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AG Wary of Insurance Plan ; But Hints Softer Competition Stance

Sep 20, 2007


Attorney General Martha Coakley yesterday signaled she could support changing the state's auto-insurance system to one in which insurers would set rates - if a current proposal is modified to protect consumers.

Coakley, who's expressed general reservations in the past about a proposal to overhaul the state's current system, said insurers should not be allowed to use credit scores to set rates if there is deregulation.

According to written testimony and a press release issued by her office after a hearing on the issue yesterday, Coakley also noted concerns about protecting good drivers in urban areas and the "risk of collusion by insurance companies" in setting rates under a new system.

She also questioned whether a plan by Insurance Commissioneer Nonnie Burnes, who recently proposed the revamp of the auto- insurance system, might "interfere" with laws designating the attorney general's office as the represenative of consumers' rights in auto-insurance case.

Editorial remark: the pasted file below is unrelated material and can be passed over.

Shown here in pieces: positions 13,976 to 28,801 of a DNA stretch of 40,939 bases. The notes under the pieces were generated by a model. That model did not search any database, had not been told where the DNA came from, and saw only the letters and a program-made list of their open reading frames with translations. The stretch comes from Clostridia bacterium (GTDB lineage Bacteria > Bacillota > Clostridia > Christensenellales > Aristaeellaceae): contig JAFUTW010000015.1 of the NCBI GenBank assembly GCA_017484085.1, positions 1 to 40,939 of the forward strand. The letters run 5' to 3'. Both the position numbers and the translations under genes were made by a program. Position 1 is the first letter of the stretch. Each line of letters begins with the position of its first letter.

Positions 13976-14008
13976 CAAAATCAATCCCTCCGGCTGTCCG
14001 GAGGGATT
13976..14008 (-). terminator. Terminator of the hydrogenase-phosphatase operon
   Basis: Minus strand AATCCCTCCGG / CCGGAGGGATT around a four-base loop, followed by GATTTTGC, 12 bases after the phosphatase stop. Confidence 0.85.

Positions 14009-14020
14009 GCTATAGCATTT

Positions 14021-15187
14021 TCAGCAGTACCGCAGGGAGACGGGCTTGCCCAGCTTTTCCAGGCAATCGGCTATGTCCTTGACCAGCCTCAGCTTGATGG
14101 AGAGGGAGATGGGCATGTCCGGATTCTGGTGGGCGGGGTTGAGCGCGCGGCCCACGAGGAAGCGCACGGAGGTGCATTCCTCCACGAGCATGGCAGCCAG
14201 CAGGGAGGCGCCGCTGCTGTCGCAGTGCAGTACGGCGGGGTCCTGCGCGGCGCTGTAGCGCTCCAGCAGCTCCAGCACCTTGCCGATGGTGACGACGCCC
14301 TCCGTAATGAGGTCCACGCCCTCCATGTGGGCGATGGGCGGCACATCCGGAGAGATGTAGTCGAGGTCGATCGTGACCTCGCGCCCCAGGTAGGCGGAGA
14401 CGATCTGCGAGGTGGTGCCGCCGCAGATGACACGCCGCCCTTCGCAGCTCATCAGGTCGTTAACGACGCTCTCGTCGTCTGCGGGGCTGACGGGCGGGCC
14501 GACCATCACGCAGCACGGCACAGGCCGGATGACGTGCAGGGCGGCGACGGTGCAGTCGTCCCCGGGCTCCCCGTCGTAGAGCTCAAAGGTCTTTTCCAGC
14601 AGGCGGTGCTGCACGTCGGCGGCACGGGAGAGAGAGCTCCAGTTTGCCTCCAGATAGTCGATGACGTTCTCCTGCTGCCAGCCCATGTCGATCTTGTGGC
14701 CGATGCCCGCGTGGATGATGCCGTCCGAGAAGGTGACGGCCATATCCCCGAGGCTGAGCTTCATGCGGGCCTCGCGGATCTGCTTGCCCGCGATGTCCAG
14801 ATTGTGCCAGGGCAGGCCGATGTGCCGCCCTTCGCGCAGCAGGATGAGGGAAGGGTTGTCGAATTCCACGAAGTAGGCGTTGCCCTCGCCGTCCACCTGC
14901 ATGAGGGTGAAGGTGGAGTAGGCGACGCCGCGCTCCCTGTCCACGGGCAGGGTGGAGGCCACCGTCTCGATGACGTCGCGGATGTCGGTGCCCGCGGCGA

Significantly, though, Coakley never said Burnes's overall "managed competition" should be outright rejected.

"Managed competition regulations should implement competition in a manner that benefits consumers," she said in a statement.

In August, Burnes proposed a major overhaul in the way the state sets auto insurance rates.

Massachusetts is the only state in the country in which regulators set auto-insurace rates.

Alarmed that many insurers have pulled out of the state due to its heavy regulations, many have called for the introduction of more market-orientated policies.

Burnes's "managed competition" plan would give insurers more leeway to set their own rates.

But she's also called for a number of consumer protections, including banning the use of socioeconomic factors, such as the marriage status and education of motorists, in deciding whether to insure someone or in setting rates. She's delayed a final decision on banning use of credit scores when setting rates.

Burnes aims to implement a new "transitional" system at the end of next April.

- [email protected]

Originally published by By JAY FITZGERALD.

(c) 2007 Boston Herald. Provided by ProQuest Information and Learning. All rights Reserved.

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